Goldhill is extremely forthright with his motivations, which I especially like – he lets you know right away that his study of healthcare is the result of seeing his father die of a preventable hospital-borne infection. But despite the personal tragedy, his article is remarkably free of emotional charge. He doesn't attack anyone, or blame anyone, but rather lets his critique rush unerringly to the glaring absurdities of the business structure of American medicine:
Goldhill's entire analysis would fit nicely into one of the Freakonomics books, since he is merely pointing out what Levitt and Dubner took as the central thesis of their pop-econ books: "People respond to incentives." Everything that has happened to American healthcare is clearly the consequence of distorted economic incentives. From this perspective, it should be clear that ObamaCare will only give us more of the same distorted incentives, cementing in place the illusion that "someone else" is paying for our healthcare, while letting the healthcare beast continue to devour our national economy.
Goldhill's article is refreshingly full of common sense, especially when you compare it to other popular studies of American healthcare, like Atul Gawande's high-profile article in the New Yorker ("The Cost Conundrum", June 1, 2009) which Obama publically praised. Gawande confronted overwhelming evidence that high costs of health care were driven by doctors' and hospitals' financial incentives to overtreat and overcharge . . . and still he is utterly dismissive of the power of competition. "Any plan that relies on the sheep to negotiate with the wolves is doomed to failure," he quotes one doctor. I see it as a sign of doctors' arrogance that they find it impossible to think of themselves as a commodity that can be shopped. Consumers might not "haggle over the price as if he were selling a rug in a souk," as Gawande puts it . . . but if a hospital down the road offers the same surgery for $20,000 less, don't you think that's going to influence the patient's choice? Especially if it's $20,000 of the patient's own money?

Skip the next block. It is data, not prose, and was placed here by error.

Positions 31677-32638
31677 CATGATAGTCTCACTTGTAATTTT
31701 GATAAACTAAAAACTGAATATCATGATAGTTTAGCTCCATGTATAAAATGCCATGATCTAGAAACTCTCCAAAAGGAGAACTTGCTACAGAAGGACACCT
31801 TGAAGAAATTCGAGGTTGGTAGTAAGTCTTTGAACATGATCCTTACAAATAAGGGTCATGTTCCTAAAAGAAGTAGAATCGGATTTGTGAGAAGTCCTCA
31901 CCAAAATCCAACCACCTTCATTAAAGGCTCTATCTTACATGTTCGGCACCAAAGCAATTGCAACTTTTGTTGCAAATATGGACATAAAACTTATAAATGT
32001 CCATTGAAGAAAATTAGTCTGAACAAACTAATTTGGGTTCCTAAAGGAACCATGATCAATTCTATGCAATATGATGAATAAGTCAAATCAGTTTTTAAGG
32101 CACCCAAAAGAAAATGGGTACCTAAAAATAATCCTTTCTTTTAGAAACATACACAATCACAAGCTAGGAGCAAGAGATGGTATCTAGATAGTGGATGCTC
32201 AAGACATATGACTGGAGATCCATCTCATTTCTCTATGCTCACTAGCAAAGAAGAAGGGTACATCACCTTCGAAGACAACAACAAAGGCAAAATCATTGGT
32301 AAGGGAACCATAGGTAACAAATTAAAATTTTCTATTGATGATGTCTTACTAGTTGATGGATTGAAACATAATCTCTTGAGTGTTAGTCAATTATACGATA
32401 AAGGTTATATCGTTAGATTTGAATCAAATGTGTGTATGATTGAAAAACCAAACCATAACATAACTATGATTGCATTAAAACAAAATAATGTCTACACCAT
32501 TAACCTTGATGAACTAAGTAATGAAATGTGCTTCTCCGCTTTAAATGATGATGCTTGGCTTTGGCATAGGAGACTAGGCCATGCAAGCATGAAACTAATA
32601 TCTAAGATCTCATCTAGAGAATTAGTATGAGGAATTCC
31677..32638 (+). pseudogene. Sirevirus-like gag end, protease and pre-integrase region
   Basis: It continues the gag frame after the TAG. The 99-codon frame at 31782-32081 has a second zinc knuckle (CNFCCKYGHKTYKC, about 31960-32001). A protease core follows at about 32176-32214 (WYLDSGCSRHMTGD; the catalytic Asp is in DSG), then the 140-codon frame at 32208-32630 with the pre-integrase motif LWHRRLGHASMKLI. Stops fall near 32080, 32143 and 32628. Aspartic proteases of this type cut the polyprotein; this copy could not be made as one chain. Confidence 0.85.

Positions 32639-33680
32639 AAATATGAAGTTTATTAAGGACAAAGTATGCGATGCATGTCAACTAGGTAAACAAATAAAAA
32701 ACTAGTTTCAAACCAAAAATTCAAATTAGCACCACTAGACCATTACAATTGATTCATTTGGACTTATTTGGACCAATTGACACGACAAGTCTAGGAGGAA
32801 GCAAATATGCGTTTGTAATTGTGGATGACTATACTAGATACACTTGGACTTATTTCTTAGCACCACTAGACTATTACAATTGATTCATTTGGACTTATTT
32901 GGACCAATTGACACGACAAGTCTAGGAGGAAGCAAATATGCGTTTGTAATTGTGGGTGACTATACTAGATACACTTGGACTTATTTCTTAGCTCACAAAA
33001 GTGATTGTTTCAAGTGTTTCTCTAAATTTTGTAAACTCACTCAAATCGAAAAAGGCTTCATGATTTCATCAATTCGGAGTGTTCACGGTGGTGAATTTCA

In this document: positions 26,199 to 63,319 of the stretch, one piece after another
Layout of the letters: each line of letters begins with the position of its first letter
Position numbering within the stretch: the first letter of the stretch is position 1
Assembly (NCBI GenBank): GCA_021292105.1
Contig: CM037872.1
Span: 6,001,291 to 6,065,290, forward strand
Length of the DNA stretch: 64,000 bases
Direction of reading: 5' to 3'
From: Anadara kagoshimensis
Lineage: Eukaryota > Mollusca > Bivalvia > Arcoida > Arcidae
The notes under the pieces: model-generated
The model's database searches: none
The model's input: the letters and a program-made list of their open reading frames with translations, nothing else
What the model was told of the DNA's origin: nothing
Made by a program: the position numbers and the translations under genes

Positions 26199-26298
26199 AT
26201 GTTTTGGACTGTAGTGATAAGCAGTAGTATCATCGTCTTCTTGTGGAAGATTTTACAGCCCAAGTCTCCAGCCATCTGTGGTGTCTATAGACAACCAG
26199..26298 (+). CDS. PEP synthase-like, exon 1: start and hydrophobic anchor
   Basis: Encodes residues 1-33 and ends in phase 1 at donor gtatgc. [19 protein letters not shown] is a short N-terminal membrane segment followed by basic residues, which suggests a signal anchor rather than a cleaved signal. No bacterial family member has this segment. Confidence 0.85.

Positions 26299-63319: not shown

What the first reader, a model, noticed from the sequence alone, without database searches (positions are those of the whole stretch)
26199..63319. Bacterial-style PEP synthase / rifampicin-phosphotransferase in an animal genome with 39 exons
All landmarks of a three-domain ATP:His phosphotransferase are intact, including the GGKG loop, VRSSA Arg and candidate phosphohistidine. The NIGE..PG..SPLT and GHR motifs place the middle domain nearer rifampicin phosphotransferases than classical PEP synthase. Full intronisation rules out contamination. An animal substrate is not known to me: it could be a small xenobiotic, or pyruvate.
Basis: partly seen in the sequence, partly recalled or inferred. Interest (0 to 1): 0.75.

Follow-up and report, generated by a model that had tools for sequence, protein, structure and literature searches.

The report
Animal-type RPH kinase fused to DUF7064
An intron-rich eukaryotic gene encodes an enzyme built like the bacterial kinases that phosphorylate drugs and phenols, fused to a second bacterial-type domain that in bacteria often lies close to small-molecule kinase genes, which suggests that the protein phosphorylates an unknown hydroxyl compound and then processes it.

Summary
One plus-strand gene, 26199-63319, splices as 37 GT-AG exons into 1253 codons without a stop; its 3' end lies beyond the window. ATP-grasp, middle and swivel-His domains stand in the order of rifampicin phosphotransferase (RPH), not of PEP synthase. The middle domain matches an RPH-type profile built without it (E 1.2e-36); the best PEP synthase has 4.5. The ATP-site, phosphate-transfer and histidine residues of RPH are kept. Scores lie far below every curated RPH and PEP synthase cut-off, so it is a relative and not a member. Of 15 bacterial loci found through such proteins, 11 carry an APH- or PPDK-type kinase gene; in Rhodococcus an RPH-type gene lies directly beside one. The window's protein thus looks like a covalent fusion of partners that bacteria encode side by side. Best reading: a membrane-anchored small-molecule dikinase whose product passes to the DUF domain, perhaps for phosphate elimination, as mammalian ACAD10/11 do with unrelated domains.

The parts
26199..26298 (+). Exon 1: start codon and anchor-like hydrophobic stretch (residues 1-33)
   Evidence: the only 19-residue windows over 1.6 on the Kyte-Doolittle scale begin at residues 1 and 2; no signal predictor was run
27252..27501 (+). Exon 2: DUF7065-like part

Gawande had another New Yorker article ("Testing, Testing", December 14, 2009) that compared the healthcare industry to agriculture, and suggested that healthcare might undergo a revolutionary change similar to the "green revolution" through government sponsored experimentation similar to what the USDA did for farms. The article was a lengthy apology for the Democratic health reform proposal, which did not have a clear plan for cutting costs but did have lots of pilot programs that would hopefully find new ways to cut costs. I find it utterly disingenuous to suggest ObamaCare is a set of experiments, when the core elements of the plan – guaranteed issue, mandated levels of coverage, wimpy personal mandates – have already been tried in several states, and were colossal failures in every instance, driving up costs and exhausting state budgets, while hardly making a dent in the number of uninsured. You can't position yourself as an experimenter when you ignore the results of the experiments.
Speaking of experiments, I have run the high-deductible insurance and Health Savings Account experiment for myself and my family . . . and it works. I protect myself from debilitating debt from medical emergencies, but I also function as a smart consumer. I spend half of what I used to on insurance, and lower overall medical costs by at least 20% by questioning bills, tests, and procedures. And all of it – insurance and medical costs – could be entirely covered by my FICA taxes, if the government only let me keep that money.
Friday, January 29. 2010
The final episode of Joss Whedon's sci-fi series Dollhouse aired tonight. I'm going to seize this last occasion to write about Dollhouse, since I will probably never feel motivated to do so again. The overall reaction to Dollhouse, from myself, the geek community and perhaps even Joss himself has been . . . meh. Whedon fans watched it, but they never really committed themselves to it.
So, a few final comments (warning, spoilers follow):